Only Athens City and Birmingham City schools have registered to be charter authorizers in their own districts. This means that a charter school operator seeking to open a public charter school in any of the other 134 Alabama school districts will apply directly to the Commission.
In late May, the Commission announced it would accept Letters of Intent (LOIs) for any entity wanting to open a public charter school in the areas in which the Commission has jurisdiction. Though the LOIs are not binding, according to the Commission they initially set a deadline of June 7 to receive LOIs. No LOIs were received prior to that deadline.
That deadline has been extended to August 1, which is also the deadline for applications from those hoping to open a public charter school by the fall of 2017.
The Anniston Star reported that no applications have been received as of the first week of June.
Local Boards of Education as Charter Authorizers
Local boards of education must register with the ALSDE as charter authorizers. That registration is fairly detailed, outlined here. Though as many as five boards of education initially registered as authorizers, ultimately only two, Athens City and Birmingham City, completed the registration process.
OPCS officials said the registration process ensures the district has the capacity to serve as an authorizer. Registration documents are reviewed using an evaluation rubric to determine if the district is ready, and OPCS works with local boards to resolve concerns prior to approving the registration.
Local boards who serve as authorizers, (local authorizers), can authorize either start-up or conversion charter schools.
The deadlines for action by local authorizers are different than those of the Commission. Local authorizers are also given the authority to develop their own applications and contracts as long as all parts of the law are followed.
Athens City Schools superintendent Dr. Trey Holladay said his district plans to adapt the application and contract developed by the Commission for use in Athens City.
Local authorizers must issue a request for proposals (RFP) for charter school operators by November 1 of each year and give applicants at least 30 days to apply. The Commission does not issue RFPs.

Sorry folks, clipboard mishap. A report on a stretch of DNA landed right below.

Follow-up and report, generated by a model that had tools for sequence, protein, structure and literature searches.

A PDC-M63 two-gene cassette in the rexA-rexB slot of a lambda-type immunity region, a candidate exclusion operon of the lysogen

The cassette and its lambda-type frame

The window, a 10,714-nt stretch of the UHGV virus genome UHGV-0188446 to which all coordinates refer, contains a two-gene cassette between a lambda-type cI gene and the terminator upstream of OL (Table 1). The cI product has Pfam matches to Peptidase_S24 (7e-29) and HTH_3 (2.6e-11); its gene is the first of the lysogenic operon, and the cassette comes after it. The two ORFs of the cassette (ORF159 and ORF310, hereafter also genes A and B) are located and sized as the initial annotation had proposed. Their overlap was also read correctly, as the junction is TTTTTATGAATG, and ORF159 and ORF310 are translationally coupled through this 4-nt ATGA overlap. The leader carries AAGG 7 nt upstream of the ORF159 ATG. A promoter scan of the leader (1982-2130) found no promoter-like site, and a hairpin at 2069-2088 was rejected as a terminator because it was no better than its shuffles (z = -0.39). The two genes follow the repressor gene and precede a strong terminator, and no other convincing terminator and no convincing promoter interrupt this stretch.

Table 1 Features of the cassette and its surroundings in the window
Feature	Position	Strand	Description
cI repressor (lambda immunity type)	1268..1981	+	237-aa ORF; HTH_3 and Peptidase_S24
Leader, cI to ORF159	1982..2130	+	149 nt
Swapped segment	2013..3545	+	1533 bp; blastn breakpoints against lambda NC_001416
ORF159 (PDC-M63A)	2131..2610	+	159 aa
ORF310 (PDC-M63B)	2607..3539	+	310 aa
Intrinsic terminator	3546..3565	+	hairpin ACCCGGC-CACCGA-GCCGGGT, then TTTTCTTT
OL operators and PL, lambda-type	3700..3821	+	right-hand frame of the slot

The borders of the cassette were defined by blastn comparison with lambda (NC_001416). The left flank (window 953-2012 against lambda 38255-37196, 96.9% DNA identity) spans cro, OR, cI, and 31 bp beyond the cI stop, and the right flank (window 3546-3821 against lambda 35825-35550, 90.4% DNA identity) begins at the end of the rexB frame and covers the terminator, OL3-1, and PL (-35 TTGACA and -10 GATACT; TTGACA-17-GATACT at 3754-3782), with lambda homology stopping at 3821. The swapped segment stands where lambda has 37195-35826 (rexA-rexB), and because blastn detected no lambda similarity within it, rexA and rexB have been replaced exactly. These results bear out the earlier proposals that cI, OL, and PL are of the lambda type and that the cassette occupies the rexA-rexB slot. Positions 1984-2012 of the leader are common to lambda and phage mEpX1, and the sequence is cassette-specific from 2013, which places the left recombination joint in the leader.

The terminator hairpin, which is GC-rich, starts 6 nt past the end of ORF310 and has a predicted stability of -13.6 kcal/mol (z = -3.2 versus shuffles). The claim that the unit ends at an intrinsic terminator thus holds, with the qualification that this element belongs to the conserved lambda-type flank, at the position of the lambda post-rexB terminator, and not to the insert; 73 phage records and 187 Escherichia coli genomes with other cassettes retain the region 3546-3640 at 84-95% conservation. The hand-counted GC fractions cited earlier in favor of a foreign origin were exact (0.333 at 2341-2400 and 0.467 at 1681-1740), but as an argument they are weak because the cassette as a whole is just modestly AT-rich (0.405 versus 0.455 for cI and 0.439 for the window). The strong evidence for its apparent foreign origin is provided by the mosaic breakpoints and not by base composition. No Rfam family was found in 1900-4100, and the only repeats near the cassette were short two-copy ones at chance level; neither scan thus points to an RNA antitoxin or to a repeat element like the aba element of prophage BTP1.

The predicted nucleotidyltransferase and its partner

The OPCS developed guidelines for what must be in a local authorizer’s RFP, including the board’s strategic vision and the performance framework it uses for non-charter public schools.
Local authorizers have 60 days to determine whether to approve or deny a charter operator’s application.
What Alabama’s Office of Public Charter Schools Is Saying about Charter Authorizers
The section of the ALSDE’s web site devoted to OPCS is layers deep. One very helpful document published there is a PowerPoint from March with an overview of public charter schools in Alabama.
It also lays out the requirements for local authorizers, which could be helpful for those boards considering whether to register. Boards of education who have not registered as authorizers will have another opportunity to do so prior to March 1 of next year. Here is that document.
How Will Alabama’s Education Landscape Change?
Because no public charter schools are yet operating in Alabama, it’s unclear how the education landscape may change.
Nationally, public charter schools are a hot topic of discussion. Questions abound. Are they good? Are they bad? Do they drain resources from struggling public schools? Do they offer opportunities to students who would otherwise be stuck in neighborhood schools that aren’t serving them well?
And the answers to those questions? Well, it depends on who you ask and whose web site you are reading.
The Data Dashboard for Public Charter Schools
The National Alliance for Public Charter Schools (NAPCS) has amassed a database of various dimensions of public charter schools, including enrollment by race, the percentage of students eligible for free or reduced-price meals, and what type of organization manages the charter school.
Some elements are missing or have not yet been updated, but it remains the only place to find comparable data from state to state and even by charter authorizer in the country.
When looking at performance data, it’s important to remember that the NAPCS snapshot of charter versus non-charter doesn’t consider growth nor reveal how similarly situated students in charters and non-charters are performing.
Here’s the Alabama School Choice and Student Opportunity Act.
Alabama School Choice and Student Opportunity Act – Act 2015-3